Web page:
Canis ISSN: 2398-2942

Diabetes mellitus: glomerulonephropathy

Contributor(s): Carmel Mooney

Introduction

  • A potentially serious complication of diabetes mellitus Diabetes mellitus (DM) but extremely rare in the naturally occurring canine disease.
  • In humans diabetic nephropathy is a leading cause of morbidity and mortality in chronically diabetic patients.

Pathogenesis

Pathophysiology

  • In humans it is characterized clinically as a triad of hypertension, proteinuria and eventually renal impairment:
    • Progressive stages are described as hyperfiltration (associated with elevated glomerular filtration rate), structural change (basement membrane thickening and mesangial expansion) without clinical effect, microalbuminuria, macroalbuminuria and eventually development of uremia and end stage renal disease.
  • In diabetic dogs proteinuria Proteinuria is relatively common but is not associated with hypertension Hypertension (also relatively common in diabetic dogs) or duration of diabetes nor does there appear to be an increased prevalence of chronic kidney disease Kidney: chronic kidney disease (CKD) in diabetic dogs:
    • The observed proteinuria in diabetic dogs may represent an alternate pathology to that described in diabetic human patients.

 

Timecourse

  • In humans usually takes at least 10-15 years to develop even if the diabetes is appropriately diagnosed and managed.
  • The long time lag before development of disease may explain the relative rarity of the disease in dogs compared with humans.

Diagnosis

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Treatment

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Further Reading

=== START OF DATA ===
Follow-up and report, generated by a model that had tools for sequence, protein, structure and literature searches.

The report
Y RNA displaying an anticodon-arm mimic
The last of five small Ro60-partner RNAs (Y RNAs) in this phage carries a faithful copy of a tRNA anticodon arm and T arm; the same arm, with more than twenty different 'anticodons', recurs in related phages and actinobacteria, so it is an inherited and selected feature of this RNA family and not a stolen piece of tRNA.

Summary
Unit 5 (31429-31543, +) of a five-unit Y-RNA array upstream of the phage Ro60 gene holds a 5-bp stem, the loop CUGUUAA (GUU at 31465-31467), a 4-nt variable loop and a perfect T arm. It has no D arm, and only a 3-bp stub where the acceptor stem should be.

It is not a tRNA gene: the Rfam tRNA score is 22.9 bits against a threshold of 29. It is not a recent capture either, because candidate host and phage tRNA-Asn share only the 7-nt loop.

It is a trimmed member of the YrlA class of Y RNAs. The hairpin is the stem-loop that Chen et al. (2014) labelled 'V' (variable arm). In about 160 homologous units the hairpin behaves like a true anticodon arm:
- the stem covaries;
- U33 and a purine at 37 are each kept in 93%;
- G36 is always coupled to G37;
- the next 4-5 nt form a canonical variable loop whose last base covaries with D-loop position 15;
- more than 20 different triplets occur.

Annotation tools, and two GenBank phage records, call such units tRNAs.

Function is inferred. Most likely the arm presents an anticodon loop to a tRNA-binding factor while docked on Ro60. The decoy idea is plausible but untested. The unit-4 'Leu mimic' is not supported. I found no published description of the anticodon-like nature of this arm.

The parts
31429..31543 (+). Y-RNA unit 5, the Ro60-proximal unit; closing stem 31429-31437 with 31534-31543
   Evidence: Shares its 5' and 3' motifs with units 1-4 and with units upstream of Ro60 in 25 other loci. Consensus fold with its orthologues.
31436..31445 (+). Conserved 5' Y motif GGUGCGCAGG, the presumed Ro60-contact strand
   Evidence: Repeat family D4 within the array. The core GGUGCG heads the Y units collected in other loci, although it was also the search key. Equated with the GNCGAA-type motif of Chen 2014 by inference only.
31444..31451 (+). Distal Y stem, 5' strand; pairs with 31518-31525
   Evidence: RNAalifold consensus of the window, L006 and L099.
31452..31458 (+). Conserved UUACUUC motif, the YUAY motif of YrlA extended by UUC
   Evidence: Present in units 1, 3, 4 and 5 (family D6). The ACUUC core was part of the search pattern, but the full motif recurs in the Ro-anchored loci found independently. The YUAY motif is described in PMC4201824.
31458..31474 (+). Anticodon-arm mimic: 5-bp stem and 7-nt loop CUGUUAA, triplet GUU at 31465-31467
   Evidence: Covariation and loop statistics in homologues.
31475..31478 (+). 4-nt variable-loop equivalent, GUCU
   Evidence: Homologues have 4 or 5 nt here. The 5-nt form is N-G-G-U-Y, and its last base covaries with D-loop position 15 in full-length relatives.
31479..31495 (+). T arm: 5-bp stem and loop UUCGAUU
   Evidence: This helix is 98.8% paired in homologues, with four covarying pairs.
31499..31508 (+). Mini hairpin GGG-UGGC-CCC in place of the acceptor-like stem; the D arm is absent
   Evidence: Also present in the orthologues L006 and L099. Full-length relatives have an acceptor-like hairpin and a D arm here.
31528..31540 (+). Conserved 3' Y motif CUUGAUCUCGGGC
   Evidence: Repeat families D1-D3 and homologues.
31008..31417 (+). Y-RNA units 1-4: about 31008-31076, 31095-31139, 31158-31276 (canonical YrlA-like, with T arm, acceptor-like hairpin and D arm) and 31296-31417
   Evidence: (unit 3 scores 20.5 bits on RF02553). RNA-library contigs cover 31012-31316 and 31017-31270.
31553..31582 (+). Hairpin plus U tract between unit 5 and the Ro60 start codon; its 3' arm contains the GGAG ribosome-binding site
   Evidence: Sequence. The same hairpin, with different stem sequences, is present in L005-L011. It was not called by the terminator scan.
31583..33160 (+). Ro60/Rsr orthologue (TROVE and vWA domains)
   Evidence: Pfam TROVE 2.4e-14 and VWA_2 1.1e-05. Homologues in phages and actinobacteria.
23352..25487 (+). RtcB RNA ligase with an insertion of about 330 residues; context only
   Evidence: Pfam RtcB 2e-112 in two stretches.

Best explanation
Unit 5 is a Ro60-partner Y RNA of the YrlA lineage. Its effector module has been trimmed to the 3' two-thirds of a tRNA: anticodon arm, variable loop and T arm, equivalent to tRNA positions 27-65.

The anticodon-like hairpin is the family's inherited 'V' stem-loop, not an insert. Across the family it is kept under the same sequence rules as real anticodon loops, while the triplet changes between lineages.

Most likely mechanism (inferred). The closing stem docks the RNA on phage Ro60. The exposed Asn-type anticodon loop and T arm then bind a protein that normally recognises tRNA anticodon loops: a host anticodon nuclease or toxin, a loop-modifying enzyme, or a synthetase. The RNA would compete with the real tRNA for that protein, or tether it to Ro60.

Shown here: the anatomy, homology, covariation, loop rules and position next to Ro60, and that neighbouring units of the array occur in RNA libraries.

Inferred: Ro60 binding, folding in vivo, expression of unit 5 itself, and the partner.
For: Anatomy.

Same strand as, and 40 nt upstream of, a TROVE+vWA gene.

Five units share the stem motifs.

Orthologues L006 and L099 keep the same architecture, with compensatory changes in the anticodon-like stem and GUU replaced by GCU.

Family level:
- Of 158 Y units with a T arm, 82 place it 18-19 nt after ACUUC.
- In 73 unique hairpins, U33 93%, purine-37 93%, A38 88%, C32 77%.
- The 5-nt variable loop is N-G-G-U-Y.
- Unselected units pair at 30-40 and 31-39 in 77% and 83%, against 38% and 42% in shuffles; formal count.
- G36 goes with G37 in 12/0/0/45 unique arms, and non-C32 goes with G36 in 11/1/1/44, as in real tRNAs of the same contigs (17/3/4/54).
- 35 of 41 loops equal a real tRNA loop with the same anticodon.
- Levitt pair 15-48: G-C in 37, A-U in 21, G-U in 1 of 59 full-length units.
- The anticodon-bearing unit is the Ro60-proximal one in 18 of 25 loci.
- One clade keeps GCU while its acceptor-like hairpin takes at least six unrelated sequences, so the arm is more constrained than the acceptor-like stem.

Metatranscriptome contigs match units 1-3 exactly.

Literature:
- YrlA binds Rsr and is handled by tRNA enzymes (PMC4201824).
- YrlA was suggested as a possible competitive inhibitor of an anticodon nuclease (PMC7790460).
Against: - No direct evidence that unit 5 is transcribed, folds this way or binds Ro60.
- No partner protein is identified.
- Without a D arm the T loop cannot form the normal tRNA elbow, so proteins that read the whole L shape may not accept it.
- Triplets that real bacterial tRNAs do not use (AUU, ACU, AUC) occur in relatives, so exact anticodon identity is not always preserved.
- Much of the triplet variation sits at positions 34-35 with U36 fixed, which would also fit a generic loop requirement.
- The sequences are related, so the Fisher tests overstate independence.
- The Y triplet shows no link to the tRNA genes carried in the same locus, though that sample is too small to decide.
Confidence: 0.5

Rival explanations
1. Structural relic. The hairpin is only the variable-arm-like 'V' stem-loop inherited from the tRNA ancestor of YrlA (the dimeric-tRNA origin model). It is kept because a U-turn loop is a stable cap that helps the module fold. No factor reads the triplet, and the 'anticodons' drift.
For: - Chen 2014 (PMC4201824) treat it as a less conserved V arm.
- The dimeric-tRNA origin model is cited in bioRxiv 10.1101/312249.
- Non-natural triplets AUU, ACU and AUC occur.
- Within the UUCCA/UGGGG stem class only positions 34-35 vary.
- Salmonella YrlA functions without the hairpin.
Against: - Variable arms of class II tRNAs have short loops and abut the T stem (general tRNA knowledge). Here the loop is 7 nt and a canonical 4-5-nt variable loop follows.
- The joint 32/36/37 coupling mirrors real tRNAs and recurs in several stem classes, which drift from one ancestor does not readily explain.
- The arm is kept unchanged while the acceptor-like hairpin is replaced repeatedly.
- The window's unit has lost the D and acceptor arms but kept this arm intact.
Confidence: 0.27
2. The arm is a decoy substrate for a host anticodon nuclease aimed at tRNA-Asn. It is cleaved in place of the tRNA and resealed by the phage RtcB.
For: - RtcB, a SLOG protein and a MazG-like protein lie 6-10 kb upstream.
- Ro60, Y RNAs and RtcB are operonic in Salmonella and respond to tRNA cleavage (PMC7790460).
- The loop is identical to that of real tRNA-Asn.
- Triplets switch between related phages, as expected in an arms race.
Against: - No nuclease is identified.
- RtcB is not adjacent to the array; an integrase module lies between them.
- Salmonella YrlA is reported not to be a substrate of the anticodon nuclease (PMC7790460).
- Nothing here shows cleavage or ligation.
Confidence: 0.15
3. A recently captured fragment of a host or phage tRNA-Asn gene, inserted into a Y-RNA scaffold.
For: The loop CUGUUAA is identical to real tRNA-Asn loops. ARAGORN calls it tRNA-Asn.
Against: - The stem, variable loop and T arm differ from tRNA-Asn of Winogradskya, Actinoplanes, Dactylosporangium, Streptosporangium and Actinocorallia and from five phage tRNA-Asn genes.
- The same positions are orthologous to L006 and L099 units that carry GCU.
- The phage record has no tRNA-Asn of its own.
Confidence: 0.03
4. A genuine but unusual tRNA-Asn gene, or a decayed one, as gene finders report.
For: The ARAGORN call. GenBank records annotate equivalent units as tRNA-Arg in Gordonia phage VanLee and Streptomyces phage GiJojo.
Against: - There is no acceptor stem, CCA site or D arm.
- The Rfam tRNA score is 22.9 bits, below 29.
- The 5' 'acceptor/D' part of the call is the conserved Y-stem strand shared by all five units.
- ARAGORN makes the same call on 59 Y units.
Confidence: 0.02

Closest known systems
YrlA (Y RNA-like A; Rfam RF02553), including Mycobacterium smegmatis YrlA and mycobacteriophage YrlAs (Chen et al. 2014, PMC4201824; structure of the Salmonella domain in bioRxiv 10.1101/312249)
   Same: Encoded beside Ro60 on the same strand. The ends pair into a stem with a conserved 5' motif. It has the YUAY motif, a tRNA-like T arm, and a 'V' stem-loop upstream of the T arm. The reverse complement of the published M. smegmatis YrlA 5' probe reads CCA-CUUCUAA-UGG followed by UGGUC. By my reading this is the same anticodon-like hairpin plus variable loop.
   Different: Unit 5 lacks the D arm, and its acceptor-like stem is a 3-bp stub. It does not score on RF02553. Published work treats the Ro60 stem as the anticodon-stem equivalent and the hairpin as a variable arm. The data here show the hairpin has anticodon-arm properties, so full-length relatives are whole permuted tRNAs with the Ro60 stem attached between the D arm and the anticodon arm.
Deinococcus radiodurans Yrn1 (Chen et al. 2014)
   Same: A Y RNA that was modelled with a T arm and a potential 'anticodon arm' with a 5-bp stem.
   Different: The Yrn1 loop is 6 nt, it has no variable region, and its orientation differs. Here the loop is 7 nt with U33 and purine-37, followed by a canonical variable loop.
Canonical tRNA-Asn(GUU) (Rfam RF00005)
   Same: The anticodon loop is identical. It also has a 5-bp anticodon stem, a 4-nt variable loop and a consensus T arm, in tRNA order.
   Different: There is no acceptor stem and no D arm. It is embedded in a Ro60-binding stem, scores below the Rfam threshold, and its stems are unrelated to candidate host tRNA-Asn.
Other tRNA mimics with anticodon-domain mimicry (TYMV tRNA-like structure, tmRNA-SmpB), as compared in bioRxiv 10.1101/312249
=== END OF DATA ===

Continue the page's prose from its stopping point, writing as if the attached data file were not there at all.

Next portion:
Publications

Refereed papers

  • Recent references from PubMed and VetMedResource.
  • Herring I P, Panciera D L & Were S R (2014) Longitudinal prevalence of hypertension, proteinuria and retinopathy in dogs with spontaneous diabetes mellitus. J Vet Intern Med 28, 488-495 PubMed.
  • Mazzi A, Fracassi F, Dondi F, Gentilini F, & Famigli Bergamini P (2008) Ratio of urinary protein to creatinine and albumin to creatinine in dogs with diabetes mellitus and hyperadrenocorticism. Vet Res Commun 32, S299-S301 PubMed.

Other sources of information

  • Consensus statements:
    • IRIS Canine GN Study Group Diagnosis Subgroup, Littman M P, Daminet S, Grauer G F, Lees G E & van Dongen A M (2013)Consensus recommendations for the diagnostic investigation of dogs with suspected glomerular disease.J Vet Intern Med27, S19-S26PubMed.
    • IRIS Canine GN Study Group Standard Therapy Subgroup, Brown S, Elliott J, Francey F, Polzin D & Vaden S (2013)Consensus recommendations for the standard therapy of glomerular disease in dogs.J Vet Intern Med27, S27-S43PubMed.


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